How to Chill Wort with a Pond Pump

Here's a nifty way to cool your wort to 65°F (18°C) in the summer when the tap water is considerably warmer.

Dave Carpenter May 30, 2017 - 3 min read

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Most of us cool our wort using a chiller that relies on water as the working fluid. Tap water goes in one end, heat is transferred through a metal wall from the wort to the water, and hot water comes out the other side. Whether you use a coiled immersion chiller, a plate chiller, or a counterflow chiller, the heat transfer principles are the same.

These devices work beautifully in the winter, when tap water can run as low as 40–50°F (4–10°C) in some locations. But in summer, tap water is often warmer than your desired pitching temperature. How can you cool your wort to 65°F (18°C) with tap water that may be considerably warmer?

Enter the humble pond pump. Available at garden centers and home improvement stores for less than $20, a garden pump might become your best friend in the summer. Submerged in a cooler of ice water, a pond pump can deliver much colder cooling water than your household spigots.

Here’s how I use mine.

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I connect one end of a coil of garden hose to the pond pump and place the pump in a large picnic cooler (there are rubber suction feet to keep the pump in place).

About fifteen minutes before the end of the boil, when I dunk the immersion chiller in my boiling wort, I fill the cooler almost completely full of tap water, straight from the garden hose.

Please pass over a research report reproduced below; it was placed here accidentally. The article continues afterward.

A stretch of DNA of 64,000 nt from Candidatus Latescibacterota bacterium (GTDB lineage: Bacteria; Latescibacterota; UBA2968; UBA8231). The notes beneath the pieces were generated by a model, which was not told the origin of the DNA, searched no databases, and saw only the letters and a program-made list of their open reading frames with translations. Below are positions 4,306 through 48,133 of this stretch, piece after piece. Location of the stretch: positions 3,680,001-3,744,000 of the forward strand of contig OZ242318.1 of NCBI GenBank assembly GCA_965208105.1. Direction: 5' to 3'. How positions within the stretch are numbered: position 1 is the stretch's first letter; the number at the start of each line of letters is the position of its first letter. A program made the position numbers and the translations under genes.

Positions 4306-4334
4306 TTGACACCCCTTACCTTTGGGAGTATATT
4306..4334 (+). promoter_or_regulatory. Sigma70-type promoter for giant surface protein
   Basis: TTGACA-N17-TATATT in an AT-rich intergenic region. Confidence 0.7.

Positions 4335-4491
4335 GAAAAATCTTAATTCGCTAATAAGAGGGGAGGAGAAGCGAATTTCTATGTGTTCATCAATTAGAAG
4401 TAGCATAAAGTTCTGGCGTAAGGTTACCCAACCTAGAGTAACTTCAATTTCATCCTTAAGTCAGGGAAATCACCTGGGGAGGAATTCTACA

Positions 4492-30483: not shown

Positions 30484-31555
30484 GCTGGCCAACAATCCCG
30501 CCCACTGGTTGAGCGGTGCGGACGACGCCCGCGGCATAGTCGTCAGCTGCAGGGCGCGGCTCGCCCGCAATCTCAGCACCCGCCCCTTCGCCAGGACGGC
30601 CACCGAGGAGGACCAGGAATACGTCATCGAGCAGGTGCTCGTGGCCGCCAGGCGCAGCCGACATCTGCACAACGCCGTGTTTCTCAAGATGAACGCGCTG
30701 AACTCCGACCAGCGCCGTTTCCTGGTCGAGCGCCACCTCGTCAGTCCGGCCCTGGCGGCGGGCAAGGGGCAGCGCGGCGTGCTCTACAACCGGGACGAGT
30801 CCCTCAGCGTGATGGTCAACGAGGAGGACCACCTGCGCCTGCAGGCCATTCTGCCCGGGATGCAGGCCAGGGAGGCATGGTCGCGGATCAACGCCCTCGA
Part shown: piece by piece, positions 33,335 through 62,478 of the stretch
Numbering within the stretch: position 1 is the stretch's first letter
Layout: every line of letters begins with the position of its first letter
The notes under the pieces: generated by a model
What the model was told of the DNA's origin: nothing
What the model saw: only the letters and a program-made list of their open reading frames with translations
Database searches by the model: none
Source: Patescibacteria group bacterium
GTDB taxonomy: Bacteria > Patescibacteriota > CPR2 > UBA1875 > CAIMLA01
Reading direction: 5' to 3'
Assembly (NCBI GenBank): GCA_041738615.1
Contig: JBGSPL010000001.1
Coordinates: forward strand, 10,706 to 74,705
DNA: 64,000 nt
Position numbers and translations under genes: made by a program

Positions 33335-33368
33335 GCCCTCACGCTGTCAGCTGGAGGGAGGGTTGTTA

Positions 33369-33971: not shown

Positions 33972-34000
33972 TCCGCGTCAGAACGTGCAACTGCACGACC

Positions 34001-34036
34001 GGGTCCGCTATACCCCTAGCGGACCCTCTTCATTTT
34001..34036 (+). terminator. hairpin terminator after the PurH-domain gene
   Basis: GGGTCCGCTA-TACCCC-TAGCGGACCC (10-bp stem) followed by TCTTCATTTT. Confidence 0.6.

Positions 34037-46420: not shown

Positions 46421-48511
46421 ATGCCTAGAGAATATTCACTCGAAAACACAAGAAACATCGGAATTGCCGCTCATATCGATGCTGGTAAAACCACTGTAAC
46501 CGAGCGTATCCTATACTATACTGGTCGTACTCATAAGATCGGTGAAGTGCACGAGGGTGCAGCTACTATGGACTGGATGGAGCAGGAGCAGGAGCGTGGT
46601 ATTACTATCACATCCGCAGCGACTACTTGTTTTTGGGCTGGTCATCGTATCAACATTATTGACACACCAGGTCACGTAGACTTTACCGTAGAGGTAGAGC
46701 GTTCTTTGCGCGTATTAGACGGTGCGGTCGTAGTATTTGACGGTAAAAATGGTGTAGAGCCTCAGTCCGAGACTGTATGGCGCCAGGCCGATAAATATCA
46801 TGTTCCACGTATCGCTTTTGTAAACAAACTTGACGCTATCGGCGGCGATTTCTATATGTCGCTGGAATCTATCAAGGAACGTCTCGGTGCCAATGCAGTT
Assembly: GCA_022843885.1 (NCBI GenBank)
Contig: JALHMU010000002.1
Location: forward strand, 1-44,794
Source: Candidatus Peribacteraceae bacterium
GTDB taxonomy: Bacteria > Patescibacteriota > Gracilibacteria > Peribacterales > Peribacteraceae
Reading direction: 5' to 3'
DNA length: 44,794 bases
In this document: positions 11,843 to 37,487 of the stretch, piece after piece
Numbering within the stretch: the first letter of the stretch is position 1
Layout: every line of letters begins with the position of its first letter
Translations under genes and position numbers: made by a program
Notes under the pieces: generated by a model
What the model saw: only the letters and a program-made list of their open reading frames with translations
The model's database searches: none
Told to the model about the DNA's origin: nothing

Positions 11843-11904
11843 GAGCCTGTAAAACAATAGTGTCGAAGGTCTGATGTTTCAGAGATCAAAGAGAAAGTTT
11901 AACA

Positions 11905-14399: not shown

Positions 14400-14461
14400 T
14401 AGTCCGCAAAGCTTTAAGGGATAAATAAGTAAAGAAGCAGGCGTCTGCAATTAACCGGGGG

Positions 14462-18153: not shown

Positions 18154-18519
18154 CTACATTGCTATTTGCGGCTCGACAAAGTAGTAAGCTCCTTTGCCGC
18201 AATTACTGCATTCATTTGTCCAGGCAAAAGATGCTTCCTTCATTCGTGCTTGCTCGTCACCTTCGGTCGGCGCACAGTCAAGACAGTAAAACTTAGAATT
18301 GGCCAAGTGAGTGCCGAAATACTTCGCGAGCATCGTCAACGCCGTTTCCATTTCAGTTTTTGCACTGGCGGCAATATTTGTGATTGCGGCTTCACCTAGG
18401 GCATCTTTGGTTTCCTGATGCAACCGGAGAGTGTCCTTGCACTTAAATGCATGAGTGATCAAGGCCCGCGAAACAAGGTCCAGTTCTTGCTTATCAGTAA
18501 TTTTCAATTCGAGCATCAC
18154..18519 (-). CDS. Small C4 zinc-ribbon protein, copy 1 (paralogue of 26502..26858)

To the cooler, I then add as many ice cubes and frozen gel packs as I have.

When the boil is finished, I first connect the immersion chiller to my household water supply and cool the wort as far as that will take me, usually the mid 70s Fahrenheit (upper teens Celsius).

I then hook the immersion chiller up to the other end of the hose attached to the pond pump, turn on the pump, and let it take the wort the rest of the way.

A pond pump is an inexpensive and, I would argue, indispensable tool for making great beer in summer. It frees you from the limitations of warm tap water and lets you hit pitching temperatures much more quickly than leaving a carboy or bucket of warm wort in a refrigerator and waiting for it to cool off.

Give it a try. You’ll be pumped.

From ingredients to equipment, process, and recipes—extract, partial-mash, and all-grain—The Illustrated Guide to Homebrewing is a vital resource for those who want to brew better beer. Order your copy today.

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